John Riel Casimero’s lone fight of the year was befitting of his bizarre 2022 campaign but ultimately ended on a high note.

The Korea Boxing Member’s Commission (KBMC) voted to change Casimero’s previously declared No-Contest with Ryo Akaho to a second-round knockout win for the former three-division titlist earlier this month. The December 3 junior featherweight clash—which took place in Incheon, South Korea—saw Casimero have to contend with a controversial knockdown call and Akaho overselling a foul which ultimately ended their bout at 2:25 of round two.

Referee Michiaki Someya called for time after Akaho complained of being struck in the back of the head from which the former title challenger from Japan claimed he could no longer continue. The in-ring decision was to declare a No-Contest, though two thorough reviews by the KBMC—and a surprise assist provided by the Akaho camp—overturned the verdict.

“We have convened two deliberative committees and discussed the issue twice,” KBMC chairman John Hwang revealed in an official ruling earlier this week, a copy of which was obtained by “During the fight, Mr. Akaho complained of pain in the back of the head when the referee warned Mr. Casimero about hitting the back of Mr. Akaho’s head. The referee provided Akaho with five minutes of rest, but Mr. Akaho said it was impossible to fight, so the fight ended in a ‘No Contest.’”

“Boxing does not have video [replay] applied in other sports such as baseball and soccer, etc. but if the purpose is to aim for clean sports, the results are justified to change. The rules of competition cannot apply every situation accurately case-by-case. Because nobody knows what will happen in professional boxing. Therefore, KBM changes the result of the fight from ‘No Contest’ to Mr. Casimero’s ‘KO win.’”

Casimero (32-4, 22KOs) hadn’t fought in nearly 16 months prior to the night. The 33-year-old from Ormoc City, Philippines twice failed to honor a contractually bound mandatory WBO bantamweight title defense versus Paul Butler, first after falling ill prior to their canceled clash last December and then being removed from an April 22 headliner in Liverpool after violating BBBofC rules prohibiting sauna use during fight week.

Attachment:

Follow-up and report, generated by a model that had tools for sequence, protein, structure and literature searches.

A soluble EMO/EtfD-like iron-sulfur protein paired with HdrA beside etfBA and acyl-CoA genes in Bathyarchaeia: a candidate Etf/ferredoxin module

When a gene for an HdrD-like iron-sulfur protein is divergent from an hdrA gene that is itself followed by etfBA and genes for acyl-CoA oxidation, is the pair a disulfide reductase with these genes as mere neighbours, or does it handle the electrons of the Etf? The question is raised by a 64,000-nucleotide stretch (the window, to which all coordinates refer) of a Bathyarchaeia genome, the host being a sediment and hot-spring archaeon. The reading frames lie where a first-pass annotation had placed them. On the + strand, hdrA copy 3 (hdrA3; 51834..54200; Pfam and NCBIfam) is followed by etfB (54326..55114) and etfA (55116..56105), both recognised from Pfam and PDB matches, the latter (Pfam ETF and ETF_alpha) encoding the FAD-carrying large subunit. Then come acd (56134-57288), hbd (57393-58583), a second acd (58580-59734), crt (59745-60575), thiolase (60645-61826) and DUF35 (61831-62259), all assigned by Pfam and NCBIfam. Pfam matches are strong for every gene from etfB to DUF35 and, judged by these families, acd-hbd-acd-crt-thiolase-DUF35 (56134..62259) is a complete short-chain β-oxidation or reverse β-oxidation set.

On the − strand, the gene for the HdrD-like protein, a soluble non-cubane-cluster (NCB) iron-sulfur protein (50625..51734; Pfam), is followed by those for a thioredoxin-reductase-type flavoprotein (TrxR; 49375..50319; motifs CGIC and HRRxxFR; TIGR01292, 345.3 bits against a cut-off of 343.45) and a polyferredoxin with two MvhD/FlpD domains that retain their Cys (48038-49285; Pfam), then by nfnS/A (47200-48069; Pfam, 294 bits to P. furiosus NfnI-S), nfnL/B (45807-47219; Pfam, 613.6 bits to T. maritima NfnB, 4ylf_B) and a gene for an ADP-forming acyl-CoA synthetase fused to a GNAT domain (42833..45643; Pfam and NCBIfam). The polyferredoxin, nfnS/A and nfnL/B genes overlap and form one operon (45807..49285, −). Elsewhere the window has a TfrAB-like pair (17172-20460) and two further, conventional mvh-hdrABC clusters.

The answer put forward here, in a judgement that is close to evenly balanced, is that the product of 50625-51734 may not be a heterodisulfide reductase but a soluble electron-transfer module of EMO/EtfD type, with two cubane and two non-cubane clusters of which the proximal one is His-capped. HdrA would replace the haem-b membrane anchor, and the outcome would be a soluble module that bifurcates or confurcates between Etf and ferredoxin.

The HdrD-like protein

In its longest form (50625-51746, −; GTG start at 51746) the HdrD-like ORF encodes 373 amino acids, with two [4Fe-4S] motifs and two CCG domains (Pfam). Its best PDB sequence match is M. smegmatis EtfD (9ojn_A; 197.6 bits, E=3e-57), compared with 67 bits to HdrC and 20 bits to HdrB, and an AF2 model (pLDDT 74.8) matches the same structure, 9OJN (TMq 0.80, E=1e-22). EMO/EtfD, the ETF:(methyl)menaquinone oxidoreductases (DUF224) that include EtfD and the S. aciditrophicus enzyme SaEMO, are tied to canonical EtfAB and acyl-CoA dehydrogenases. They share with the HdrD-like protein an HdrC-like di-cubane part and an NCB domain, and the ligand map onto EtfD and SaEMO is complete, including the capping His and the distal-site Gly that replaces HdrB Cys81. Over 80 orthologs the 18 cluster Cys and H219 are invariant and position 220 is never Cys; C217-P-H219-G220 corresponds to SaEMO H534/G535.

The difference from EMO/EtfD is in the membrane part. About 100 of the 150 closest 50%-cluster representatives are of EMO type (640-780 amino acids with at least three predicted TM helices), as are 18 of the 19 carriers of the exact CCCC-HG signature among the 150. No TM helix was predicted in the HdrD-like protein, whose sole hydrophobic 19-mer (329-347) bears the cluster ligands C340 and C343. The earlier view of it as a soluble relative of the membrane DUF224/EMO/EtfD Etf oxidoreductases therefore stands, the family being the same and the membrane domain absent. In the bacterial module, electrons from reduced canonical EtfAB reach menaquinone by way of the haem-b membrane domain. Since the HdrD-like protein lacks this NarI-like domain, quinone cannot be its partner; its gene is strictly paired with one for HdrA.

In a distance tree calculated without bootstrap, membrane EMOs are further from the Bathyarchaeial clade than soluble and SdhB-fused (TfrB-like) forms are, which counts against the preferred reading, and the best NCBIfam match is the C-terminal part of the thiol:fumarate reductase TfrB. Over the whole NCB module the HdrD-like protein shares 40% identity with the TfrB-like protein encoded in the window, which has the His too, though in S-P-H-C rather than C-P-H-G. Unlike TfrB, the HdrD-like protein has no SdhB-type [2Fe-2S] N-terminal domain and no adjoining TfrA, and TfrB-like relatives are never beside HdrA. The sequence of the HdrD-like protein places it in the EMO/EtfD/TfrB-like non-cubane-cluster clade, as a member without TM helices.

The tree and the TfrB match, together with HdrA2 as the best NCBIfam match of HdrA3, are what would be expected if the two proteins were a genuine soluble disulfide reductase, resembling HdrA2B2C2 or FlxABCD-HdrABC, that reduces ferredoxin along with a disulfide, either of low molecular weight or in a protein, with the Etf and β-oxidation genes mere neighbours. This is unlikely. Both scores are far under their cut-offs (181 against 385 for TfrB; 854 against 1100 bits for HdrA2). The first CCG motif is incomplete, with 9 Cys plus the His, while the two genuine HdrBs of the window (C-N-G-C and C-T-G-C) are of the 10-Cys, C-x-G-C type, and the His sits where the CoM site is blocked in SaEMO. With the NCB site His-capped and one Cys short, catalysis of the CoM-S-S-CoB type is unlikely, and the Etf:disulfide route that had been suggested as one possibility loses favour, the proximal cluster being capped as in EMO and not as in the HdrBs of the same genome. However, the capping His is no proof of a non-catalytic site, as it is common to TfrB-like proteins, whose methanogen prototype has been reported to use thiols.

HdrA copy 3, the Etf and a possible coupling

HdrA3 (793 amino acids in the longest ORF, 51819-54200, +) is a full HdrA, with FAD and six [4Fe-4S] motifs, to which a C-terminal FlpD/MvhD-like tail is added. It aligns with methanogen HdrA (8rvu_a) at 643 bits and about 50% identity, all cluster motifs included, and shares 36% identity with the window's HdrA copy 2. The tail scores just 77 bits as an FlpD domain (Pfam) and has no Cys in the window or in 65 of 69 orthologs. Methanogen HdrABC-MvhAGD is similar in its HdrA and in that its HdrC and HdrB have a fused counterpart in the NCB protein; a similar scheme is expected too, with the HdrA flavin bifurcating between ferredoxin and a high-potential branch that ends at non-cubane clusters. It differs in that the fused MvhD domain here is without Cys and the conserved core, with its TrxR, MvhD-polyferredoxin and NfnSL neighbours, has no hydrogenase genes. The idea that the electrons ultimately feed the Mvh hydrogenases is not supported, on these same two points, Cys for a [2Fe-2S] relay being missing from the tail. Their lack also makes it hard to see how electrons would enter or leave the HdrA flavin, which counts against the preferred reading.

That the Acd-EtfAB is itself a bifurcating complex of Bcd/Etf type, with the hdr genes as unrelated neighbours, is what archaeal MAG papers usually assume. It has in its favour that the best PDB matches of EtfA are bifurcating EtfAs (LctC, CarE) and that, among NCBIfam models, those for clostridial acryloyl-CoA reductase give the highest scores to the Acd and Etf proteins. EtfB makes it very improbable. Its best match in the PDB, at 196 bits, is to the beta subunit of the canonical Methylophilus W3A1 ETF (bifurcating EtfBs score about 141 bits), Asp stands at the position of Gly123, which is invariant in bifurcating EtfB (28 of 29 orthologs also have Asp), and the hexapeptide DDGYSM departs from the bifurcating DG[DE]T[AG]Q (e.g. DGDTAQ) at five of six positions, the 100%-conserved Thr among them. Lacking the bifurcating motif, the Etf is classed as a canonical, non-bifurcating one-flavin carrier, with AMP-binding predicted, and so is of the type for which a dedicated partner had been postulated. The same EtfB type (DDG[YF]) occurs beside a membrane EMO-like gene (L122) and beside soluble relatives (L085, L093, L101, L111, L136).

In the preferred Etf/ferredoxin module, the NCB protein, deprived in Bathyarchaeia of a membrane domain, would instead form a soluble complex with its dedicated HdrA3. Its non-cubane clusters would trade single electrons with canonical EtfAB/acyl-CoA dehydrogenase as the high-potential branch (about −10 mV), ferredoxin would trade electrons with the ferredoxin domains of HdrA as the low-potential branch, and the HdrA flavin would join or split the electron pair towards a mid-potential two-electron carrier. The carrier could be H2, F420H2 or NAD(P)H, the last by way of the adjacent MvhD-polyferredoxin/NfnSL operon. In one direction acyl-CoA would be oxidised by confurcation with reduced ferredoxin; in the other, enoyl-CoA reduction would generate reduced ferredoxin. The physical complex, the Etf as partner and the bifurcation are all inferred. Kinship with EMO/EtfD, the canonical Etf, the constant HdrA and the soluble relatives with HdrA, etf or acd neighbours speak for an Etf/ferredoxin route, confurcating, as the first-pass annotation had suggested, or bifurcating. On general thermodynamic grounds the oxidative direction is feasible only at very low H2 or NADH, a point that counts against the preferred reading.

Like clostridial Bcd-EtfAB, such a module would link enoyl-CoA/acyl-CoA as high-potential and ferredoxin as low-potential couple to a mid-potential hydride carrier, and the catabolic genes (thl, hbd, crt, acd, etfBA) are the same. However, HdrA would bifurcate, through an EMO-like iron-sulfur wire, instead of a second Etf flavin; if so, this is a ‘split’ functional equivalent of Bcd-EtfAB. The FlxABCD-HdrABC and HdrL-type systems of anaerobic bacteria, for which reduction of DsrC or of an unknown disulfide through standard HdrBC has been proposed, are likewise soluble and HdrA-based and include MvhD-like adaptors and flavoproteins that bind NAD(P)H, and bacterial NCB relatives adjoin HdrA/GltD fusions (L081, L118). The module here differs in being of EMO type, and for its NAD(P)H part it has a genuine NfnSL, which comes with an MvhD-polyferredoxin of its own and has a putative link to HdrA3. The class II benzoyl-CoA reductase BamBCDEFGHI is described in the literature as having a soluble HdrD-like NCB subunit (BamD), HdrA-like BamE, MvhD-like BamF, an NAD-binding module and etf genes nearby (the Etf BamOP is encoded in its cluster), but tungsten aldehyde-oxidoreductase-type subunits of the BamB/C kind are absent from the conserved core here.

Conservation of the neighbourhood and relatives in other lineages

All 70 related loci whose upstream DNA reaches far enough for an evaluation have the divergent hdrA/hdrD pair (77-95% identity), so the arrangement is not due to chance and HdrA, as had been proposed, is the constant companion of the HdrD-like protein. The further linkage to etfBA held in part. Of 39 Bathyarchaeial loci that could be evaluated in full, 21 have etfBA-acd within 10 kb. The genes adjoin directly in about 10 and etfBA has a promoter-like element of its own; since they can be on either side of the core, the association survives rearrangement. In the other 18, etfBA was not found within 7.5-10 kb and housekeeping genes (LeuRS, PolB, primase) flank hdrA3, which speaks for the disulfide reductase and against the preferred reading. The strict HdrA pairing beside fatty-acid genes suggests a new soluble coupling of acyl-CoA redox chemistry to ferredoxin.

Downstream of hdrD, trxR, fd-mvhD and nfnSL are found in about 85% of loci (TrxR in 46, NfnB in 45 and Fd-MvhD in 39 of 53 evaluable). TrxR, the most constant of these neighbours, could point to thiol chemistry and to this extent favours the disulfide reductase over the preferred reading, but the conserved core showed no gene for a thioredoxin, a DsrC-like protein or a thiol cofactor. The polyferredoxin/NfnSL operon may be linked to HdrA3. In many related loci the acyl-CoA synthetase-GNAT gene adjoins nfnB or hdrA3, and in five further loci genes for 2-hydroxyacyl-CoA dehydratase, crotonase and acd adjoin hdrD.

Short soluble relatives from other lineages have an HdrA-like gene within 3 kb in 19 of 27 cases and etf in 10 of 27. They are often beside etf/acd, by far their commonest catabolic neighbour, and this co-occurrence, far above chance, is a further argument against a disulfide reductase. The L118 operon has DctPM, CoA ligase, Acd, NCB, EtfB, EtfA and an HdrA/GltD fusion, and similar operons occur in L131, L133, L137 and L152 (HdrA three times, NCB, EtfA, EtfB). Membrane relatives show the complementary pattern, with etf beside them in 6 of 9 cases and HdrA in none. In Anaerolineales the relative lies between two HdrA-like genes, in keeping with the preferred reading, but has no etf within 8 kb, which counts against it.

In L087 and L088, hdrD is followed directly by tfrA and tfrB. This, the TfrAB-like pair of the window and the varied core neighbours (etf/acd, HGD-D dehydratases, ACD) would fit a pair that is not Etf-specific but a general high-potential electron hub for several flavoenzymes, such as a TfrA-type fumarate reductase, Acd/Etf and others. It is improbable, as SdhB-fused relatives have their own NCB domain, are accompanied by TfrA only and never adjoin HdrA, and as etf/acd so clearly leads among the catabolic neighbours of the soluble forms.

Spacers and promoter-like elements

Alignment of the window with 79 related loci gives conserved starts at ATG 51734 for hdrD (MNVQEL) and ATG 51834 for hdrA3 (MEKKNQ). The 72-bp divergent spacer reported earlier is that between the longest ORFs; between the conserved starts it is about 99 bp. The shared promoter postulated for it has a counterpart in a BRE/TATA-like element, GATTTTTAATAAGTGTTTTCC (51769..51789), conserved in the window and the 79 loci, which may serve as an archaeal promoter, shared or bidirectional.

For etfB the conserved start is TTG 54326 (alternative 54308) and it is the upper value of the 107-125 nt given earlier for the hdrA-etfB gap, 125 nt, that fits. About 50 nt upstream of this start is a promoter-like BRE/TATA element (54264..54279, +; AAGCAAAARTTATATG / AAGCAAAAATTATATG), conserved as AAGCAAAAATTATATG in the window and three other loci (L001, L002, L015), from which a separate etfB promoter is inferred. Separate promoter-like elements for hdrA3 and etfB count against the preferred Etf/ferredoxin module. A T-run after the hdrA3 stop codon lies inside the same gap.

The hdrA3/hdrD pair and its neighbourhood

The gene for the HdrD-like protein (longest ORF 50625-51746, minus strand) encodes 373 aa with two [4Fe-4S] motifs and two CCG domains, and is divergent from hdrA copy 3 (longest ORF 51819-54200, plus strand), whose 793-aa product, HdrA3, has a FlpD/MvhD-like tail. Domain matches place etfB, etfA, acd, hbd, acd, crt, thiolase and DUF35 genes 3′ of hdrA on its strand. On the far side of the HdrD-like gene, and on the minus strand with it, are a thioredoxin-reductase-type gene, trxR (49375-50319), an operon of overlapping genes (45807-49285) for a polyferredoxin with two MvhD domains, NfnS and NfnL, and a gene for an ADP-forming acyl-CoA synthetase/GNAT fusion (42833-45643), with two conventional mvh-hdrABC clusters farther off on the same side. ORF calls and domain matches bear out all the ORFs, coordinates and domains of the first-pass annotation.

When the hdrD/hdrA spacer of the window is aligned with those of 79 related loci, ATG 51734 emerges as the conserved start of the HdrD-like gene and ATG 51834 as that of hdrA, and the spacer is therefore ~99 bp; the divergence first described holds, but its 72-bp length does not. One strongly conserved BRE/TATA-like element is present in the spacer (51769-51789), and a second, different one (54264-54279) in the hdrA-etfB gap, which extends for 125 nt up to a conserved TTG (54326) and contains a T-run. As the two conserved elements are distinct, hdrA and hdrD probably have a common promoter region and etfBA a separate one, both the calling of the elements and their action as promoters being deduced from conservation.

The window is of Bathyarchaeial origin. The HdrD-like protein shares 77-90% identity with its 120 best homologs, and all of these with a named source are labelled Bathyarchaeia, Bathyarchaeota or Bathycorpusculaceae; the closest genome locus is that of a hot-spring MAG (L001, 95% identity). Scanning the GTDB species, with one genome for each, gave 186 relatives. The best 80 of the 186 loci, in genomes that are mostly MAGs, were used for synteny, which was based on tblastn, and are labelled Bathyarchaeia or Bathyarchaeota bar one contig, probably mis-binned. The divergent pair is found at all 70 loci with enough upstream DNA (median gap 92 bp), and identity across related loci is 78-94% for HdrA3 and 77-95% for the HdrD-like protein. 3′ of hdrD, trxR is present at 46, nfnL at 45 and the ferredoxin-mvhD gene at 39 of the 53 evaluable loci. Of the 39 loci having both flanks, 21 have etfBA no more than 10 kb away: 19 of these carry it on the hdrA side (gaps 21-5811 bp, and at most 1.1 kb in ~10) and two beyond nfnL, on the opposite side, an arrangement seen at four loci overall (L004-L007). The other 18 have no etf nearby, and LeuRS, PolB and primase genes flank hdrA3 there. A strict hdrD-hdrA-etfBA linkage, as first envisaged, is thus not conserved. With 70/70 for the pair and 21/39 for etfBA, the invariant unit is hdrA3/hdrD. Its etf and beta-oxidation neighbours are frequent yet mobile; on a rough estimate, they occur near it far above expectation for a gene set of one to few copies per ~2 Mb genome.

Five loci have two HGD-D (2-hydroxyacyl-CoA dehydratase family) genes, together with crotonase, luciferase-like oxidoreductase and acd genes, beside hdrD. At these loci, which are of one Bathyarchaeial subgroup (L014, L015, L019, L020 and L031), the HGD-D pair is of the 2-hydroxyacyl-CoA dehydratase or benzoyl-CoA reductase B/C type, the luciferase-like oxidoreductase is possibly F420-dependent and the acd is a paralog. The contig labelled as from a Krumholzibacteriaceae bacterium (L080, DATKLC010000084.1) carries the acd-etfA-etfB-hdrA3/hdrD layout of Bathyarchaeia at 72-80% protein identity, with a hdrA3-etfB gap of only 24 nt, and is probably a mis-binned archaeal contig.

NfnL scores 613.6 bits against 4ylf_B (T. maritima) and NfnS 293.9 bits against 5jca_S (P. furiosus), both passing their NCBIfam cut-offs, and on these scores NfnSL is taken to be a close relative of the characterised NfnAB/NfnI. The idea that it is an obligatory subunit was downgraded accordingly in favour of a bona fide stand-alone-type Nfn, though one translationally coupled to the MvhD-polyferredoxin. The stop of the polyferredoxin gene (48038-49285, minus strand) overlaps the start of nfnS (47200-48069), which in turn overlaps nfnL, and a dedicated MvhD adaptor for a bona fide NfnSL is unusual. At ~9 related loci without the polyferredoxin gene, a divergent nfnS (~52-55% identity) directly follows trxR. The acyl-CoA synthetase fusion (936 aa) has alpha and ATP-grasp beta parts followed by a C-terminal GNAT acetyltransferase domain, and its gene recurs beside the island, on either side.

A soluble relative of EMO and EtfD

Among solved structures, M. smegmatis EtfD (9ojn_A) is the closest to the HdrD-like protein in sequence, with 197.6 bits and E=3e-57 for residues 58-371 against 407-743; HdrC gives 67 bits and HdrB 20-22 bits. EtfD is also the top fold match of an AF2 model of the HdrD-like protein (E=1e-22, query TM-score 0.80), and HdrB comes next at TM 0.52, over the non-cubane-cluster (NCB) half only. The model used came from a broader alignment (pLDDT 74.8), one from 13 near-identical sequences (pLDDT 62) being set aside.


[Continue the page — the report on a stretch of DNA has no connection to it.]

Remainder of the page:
Butler went on to face and beat Jonas Sultan for the interim WBO bantamweight title, which was upgraded to the full version less than two weeks later when Casimero was stripped for failure to honor his mandatory title defense.

All told, it left Casimero out of the ring since a split decision win over former lineal junior featherweight champion Guillermo Rigondeaux last August 14 in Carson, California. The trip to South Korea doubled as his 122-pound debut, though he had to wait nearly two weeks to officially collect his first win at the weight.

Casimero jumped out to a strong start and had Akaho hurt early in round two. He was overzealous in gunning for a knockout, landing three shots but missing on a follow up. Akaho overshot and pulled down the back of Casimero’s head and sent to the canvas, which referee Someya ruled a knockdown. Casimero laughed off the sequence and proceeded to take the fight to Akaho.

A mid-ring sequence saw Casimero miss with a right hand. His arm went across the back of Akaho’s head, causing the former title challenger from Yokohama, Japan to fall to the canvas. Time was called but action would never resume. Akaho spent the entire five-minute recovery period in a neutral corner, occasionally crouching to the canvas in selling the moment as a blatant foul.

The in-ring decision at the time was to end the fight, thus producing the No-Contest verdict. Subsequent evidence provided to the Korean boxing commission—coupled with the admission from Akaho’s camp that the boxer’s inability to continue was not the result of the ruled accidental foul—convinced the commission to allow justice to be served for Casimero.

“In a letter to KBM after the fight, Mr. Akaho claimed he [lost by knockout],” noted Hwang. “Yokohama Hikari Gym, which Akaho belongs to, also admitted that Mr. Akaho lost by KO. Mr. Akaho said that the damage he received was not due to the impact of the punch hit [to] the back of his head. He took a break and tried to fight again but he gave up because he couldn’t,, and admitted that it was his KO defeat.

“I respect Mr. Akaho’s courage to submit evidence. Times have changed a bit now. The consequences that most people don’t agree with are wrong. I don’t think changing the outcome is degrading KBM’s authority. I wish Mr. Casimero and Mr. Akaho good luck.”

The changed ruling extended Casimero’s current eight-fight win streak. Included in the run is a November 2019 third-round knockout of Zolani Tete to win the WBO bantamweight title, where he became a three-division titlist. Casimero previously held the IBF junior flyweight and IBF flyweight titles. Interestingly, all three title reigns ended outside the ring and with his moving up in weight in his next fight.

Jake Donovan is a senior writer for Twitter: @JakeNDaBox